Facebook Product Manager (Community Integrity) Ryan Barnes said the company is using AI to prioritise reported content, and that this prioritisation is important to help its over 15,000 reviewers.
She explained that the prioritisation is important for four reasons — not all harmful content is equal, some enforcement decisions are complex, people do not always report harmful content and the reports aren’t always accurate.
Speaking to reporters in a virtual briefing, she said the company has moved from relying on user reports alone to add use of technology to help aid the process.
“We’ve moved away from just reviewing things chronologically to using AI to help us prioritise what we review. We have looked at severity which has been a factor in our prioritisation, but now we have other factors such as virality, severity and likelihood of violations,” she said, adding that this will help “act” on reports faster.
Barnes said the community integrity team is focussed on reducing the prevalence of bad experiences by taking action on violating content and abusive actors proactively and with fewer mistakes.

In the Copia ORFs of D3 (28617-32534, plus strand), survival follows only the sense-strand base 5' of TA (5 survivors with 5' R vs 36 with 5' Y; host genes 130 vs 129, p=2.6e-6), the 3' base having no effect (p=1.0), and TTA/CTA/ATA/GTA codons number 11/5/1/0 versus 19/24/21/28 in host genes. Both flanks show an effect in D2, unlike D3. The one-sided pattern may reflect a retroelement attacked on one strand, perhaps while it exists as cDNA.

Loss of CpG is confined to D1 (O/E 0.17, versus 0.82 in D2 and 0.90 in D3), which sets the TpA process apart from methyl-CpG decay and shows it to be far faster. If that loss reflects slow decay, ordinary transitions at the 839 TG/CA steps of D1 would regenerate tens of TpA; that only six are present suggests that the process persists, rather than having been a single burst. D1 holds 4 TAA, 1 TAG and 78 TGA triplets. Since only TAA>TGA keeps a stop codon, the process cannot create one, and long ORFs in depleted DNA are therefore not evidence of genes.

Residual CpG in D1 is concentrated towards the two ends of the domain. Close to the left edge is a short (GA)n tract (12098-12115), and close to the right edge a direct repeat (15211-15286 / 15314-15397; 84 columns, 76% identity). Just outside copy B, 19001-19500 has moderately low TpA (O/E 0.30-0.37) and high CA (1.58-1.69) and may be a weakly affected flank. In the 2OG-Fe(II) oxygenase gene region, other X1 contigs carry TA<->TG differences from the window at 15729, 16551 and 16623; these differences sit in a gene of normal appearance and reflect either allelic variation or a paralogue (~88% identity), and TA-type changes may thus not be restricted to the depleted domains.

She added that over 95 per cent of such content is spotted by the company’s technology before anyone reports it to Facebook.
Facebook Engineer (Community Integrity) Chris Palow said using AI will help in getting to the “most harmful content faster” and give human review teams more time to spend on complex decisions.
He added that this will also help identify new trends, and respond to people attempting to post violating content.
Asked if AI can help in handling hate speech, Barnes said Facebook has no tolerance for hate speech on its platform.
“We realise this is an important issue, and we in fact think that that AI technologies can help with this in terms of how do we determine if a piece of content needs human moderation…depending on how viral that piece of content is or how severe that piece of content is or its likelihood of violating,” she said.
Barnes added that the company is using and relying on its technology to bump up such content in terms of ranking as to what reports are reviewed first.
The company’s decisions on ‘dangerous persons’ is a comprehensive process, including consultation with partners on ground and review of online and offline behaviour.
“We don’t use AI to make decisions about designating people as dangerous individuals under our policy. But AI can help us find content that may help to inform that decision, but it’s not actually making the decision outright,” a company spokesperson said.
The spokesperson added that while the community guidelines are uniform globally, local context and cultural nuances are kept in mind as these policies are developed and enforced.